Elasmobranchii (sharks and rays) > Lamniformes
(Mackerel sharks) > Lamnidae
(Mackerel sharks or white shark)
Etymology: Lamna: From the Greek lamia, a large and voracious shark, originally from Lamia in Greek mythology, daughter of King Belos, who revenged the murder of her children by killing the children of others, and who behaved so cruelly that her face turned into a nightmarish mask. (See ETYFish); nasus: Latin for nose, referring to moderately long conical snout. (See ETYFish).
More on author: Bonnaterre.
Environment: milieu / climate zone / depth range / distribution range
Marine; pelagic-oceanic; oceanodromous (Ref. 51243); depth range 0 - 1360 m (Ref. 114967), usually 0 - 300 m (Ref. 119696). Boreal; -1°C - 23°C (Ref. 98315); 76°N - 59°S, 180°W - 180°E (Ref. 247)
Circumglobal, amphitemperature with centers of distribution in the North Atlantic and temperate water of the southern hemisphere; not in equatorial seas. Appendix III (Mediterranean) of the Bern Convention (2002). Appendix II of the Bonn Convention (2009).
Length at first maturity / Size / Weight / Age
Maturity: Lm 186.5, range 170 - 219 cm
Max length : 350 cm TL male/unsexed; (Ref. 4645); common length : 244 cm TL male/unsexed; (Ref. 5951); max. published weight: 230.0 kg (Ref. 40637); max. reported age: 65 years (Ref. 119696)
soft rays: 0. A stout, spindle-shaped shark with large black eyes, a sharp, conical snout, long gill slits, and small, smooth-edged, narrow teeth with side cusps (Ref. 5578, 88171). Strong keels on the caudal peduncle, short secondary keels on the caudal base, and a crescentic caudal fin; the insertion of the small second dorsal fin is above the insertion of the anal fin (Ref. 88171). Dark grey dorsally, white ventrally, without blotches (Ref. 6581, 43278); rear tip of 1st dorsal abruptly white (Ref. 5578).
Occurs inshore to offshore fishing banks and occasionally to open ocean areas. It is migratory, moves generally along the continental shelves (inshore to surface during simmer) and winters offshore in deeper water (Ref. 58085). Most abundant on continental offshore fishing banks but also found far from land in ocean basins and occasionally close inshore (Ref. 247). Extreme depth reported to 1,360 meters. Age attained in North Atlantic at least 26 years and in the Southern Hemisphere probably 65 years (Ref. 119696). Specimens tagged off southern England were recaptured in northern Norway (having travelled 2,370 km), Denmark and Spain (Ref. 88752, 88753). The northwest Atlantic stock migrates from Newfoundland, Canada in the winter to Massachusetts in the summer (Ref. 43278, 88754). Trans-Atlantic migrations have also been recorded. One of the most cold-tolerant sharks; in the northwest Atlantic mostly found from 5-10°C (Ref. 88755); with extremes of -1°C and 23°C (Ref. 119696). Known to temporarily tolerate salinities as low as 10 to follow its prey (Ref. 88740). Found singly and in schools and feeding aggregations (Ref. 247). Feeds on small and medium-sized pelagic schooling species, other sharks, squid (Ref. 5578) and demersal fishes (cod, white hake, red hake, haddock and cusk (Ref. 5951, 43278)). Ovoviviparous species (Ref. 43278, 50449). Females grow larger than males (Ref. 88756). Parasites include Phyllobothrium dagnallium (found in stomach, intestine and spiral valve) and Dinobothrium sp. (Ref. 5951). Regarded as potentially dangerous to people because of its size and activity but has never or very seldom been indicted in an attack on people or boats (Ref. 247). Considered by some as a sport fish (Ref. 84357). The flesh of the porbeagle is of good quality and texture and is said to taste like swordfish (Ref. 84357). Utilized fresh, dried or salted and frozen for human consumption; for oil and fishmeal; fins for shark-fin soup (Ref. 247). May be pan-fried and broiled (Ref. 9988). Catch records and studies in the northeast Atlantic show segregation by sex and size (Ref. 56108, 88756, 88757).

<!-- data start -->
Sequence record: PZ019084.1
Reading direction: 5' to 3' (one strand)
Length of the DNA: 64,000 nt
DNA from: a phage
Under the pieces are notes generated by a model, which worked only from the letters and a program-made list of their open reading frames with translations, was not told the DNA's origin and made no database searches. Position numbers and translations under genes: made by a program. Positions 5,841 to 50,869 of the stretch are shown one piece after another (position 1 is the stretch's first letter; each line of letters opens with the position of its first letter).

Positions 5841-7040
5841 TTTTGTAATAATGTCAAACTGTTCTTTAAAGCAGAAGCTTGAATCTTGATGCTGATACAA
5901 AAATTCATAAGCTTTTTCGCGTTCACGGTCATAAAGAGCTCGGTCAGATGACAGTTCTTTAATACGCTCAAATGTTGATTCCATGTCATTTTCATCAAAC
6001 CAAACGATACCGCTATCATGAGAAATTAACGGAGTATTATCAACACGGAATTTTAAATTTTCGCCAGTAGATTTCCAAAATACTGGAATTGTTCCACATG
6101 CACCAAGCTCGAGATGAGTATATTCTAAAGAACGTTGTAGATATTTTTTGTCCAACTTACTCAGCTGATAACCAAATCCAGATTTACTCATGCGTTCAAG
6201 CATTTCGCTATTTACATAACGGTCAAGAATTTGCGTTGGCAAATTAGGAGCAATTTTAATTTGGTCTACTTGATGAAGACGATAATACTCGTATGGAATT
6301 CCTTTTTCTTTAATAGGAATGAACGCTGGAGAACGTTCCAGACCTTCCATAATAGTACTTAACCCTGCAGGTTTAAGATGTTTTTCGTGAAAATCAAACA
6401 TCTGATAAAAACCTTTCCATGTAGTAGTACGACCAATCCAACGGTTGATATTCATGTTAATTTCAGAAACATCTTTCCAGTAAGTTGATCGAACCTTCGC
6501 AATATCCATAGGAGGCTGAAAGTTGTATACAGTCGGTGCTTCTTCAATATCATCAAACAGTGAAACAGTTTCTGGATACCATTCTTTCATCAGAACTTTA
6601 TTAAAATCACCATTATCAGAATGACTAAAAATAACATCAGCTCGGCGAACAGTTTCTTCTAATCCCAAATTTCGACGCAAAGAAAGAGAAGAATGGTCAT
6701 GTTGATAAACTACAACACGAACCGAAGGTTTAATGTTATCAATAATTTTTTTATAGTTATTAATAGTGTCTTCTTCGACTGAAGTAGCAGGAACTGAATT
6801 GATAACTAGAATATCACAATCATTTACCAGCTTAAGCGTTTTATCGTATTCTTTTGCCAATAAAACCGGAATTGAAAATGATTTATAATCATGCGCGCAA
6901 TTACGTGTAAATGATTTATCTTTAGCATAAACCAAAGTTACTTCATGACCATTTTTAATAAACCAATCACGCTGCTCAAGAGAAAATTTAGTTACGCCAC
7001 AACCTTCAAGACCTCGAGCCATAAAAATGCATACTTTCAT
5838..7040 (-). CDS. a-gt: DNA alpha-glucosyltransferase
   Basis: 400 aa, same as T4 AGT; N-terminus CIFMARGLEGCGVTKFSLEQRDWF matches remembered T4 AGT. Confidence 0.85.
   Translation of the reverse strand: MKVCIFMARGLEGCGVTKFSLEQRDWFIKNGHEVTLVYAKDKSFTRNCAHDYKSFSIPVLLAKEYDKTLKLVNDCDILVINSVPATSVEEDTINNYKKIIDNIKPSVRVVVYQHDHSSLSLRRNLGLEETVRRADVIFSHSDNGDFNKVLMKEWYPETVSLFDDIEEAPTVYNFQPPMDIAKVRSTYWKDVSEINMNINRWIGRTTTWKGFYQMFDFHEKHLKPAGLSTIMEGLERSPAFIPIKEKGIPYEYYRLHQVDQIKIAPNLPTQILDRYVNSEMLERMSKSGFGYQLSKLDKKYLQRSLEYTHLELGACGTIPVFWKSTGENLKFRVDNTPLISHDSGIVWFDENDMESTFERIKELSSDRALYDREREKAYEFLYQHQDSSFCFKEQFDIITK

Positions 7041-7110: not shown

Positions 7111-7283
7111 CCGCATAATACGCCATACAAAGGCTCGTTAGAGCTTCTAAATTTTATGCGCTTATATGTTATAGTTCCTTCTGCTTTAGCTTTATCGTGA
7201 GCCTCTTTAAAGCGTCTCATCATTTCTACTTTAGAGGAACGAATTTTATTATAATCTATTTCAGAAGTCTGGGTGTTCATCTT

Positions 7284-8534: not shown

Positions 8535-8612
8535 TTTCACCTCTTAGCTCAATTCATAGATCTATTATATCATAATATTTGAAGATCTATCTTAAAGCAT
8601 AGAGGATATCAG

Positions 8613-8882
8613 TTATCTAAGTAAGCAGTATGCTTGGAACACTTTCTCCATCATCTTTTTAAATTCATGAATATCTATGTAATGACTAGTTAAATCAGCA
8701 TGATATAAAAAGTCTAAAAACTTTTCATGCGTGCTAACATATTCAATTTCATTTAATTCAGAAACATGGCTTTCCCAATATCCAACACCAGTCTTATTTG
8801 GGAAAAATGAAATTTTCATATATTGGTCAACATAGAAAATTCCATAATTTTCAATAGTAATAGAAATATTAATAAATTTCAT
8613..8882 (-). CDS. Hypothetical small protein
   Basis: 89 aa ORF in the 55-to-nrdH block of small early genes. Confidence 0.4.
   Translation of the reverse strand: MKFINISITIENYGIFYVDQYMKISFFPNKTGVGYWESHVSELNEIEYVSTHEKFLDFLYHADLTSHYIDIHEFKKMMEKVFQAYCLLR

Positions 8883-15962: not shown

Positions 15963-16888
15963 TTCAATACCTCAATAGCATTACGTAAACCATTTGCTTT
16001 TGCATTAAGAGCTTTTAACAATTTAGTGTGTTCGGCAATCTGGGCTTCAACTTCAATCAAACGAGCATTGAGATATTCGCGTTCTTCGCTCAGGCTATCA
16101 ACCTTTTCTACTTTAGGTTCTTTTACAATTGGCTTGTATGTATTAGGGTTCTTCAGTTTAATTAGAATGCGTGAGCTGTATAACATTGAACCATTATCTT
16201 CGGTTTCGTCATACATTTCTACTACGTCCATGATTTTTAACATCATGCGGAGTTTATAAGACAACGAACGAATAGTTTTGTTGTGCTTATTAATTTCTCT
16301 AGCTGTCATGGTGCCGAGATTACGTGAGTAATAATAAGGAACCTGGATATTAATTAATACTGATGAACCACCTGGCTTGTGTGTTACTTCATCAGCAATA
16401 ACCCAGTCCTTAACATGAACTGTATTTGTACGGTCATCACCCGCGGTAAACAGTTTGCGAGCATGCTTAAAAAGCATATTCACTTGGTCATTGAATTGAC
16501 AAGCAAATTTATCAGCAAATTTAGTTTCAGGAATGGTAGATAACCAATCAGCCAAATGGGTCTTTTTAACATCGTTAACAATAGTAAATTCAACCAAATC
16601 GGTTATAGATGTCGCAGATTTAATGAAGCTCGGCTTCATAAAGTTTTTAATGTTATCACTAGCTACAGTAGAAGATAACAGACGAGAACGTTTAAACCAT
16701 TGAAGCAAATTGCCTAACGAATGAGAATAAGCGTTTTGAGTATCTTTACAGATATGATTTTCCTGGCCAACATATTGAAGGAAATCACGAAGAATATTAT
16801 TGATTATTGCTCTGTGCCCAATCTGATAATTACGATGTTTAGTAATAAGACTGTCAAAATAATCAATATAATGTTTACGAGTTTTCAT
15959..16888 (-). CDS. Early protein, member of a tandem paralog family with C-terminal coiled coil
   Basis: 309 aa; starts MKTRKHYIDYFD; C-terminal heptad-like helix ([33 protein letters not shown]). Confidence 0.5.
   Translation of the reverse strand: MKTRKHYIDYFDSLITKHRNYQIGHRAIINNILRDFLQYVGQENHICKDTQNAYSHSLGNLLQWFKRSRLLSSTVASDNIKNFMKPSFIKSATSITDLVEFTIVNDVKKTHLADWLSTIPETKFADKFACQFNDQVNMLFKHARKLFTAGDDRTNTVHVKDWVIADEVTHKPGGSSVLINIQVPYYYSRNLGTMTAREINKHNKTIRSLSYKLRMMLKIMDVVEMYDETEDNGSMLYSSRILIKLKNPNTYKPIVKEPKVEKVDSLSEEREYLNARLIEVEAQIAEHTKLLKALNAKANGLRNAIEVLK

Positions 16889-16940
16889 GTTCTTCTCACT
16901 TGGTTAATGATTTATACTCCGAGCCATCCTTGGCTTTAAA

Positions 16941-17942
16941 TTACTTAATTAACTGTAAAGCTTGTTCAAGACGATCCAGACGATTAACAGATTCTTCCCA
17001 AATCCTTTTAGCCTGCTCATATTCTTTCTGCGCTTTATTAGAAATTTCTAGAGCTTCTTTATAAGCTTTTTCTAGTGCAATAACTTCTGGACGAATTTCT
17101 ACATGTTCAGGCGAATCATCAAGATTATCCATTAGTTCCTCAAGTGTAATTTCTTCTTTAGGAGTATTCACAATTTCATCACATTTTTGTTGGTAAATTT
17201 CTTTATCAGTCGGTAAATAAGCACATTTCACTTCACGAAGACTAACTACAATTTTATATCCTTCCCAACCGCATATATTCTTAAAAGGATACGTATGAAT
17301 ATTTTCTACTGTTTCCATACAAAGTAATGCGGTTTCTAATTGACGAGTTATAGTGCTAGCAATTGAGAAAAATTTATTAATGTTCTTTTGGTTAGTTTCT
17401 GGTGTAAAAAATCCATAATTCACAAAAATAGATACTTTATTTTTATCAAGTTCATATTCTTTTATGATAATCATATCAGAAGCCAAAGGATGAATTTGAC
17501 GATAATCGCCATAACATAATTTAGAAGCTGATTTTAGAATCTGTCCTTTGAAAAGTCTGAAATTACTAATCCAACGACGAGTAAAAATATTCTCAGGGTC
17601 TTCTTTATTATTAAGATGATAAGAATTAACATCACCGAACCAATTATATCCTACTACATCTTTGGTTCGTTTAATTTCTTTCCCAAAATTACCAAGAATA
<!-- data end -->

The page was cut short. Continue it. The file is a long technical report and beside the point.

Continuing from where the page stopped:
Distinct pairing with embrace (Ref. 205). Ovoviviparous (aplacental viviparity), with uterine cannibalism (embryos feeding on other ova produced by the mother (oophagy) after the yolk sac is absorbed) (Ref. 43278, 50449). With 1-5 (usually 4) pups in a litter (Ref. 6871, 43278). Reproduction probably yearly (Ref. 45602). In the northeast Atlantic, breeding grounds are off the coast of Europe and the British Isles. Embryos found in mature females throughout the year except from July to September. Mating occurs in late summer, pups are born in the spring of the following year (Ref. 43278). Gestation may last 8-9 months. Size at birth 60-80 cm TL (Ref. 6871, 43278).
Compagno, L.J.V., 1984. FAO Species Catalogue. Vol. 4. Sharks of the world. An annotated and illustrated catalogue of shark species known to date. Part 1 - Hexanchiformes to Lamniformes. FAO Fish. Synop. 125(4/1):1-249. Rome, FAO. (Ref. 247)
IUCN Red List Status (Ref. 126983)
Threat to humans
Traumatogenic (Ref. 4690)
Fisheries: commercial; gamefish: yes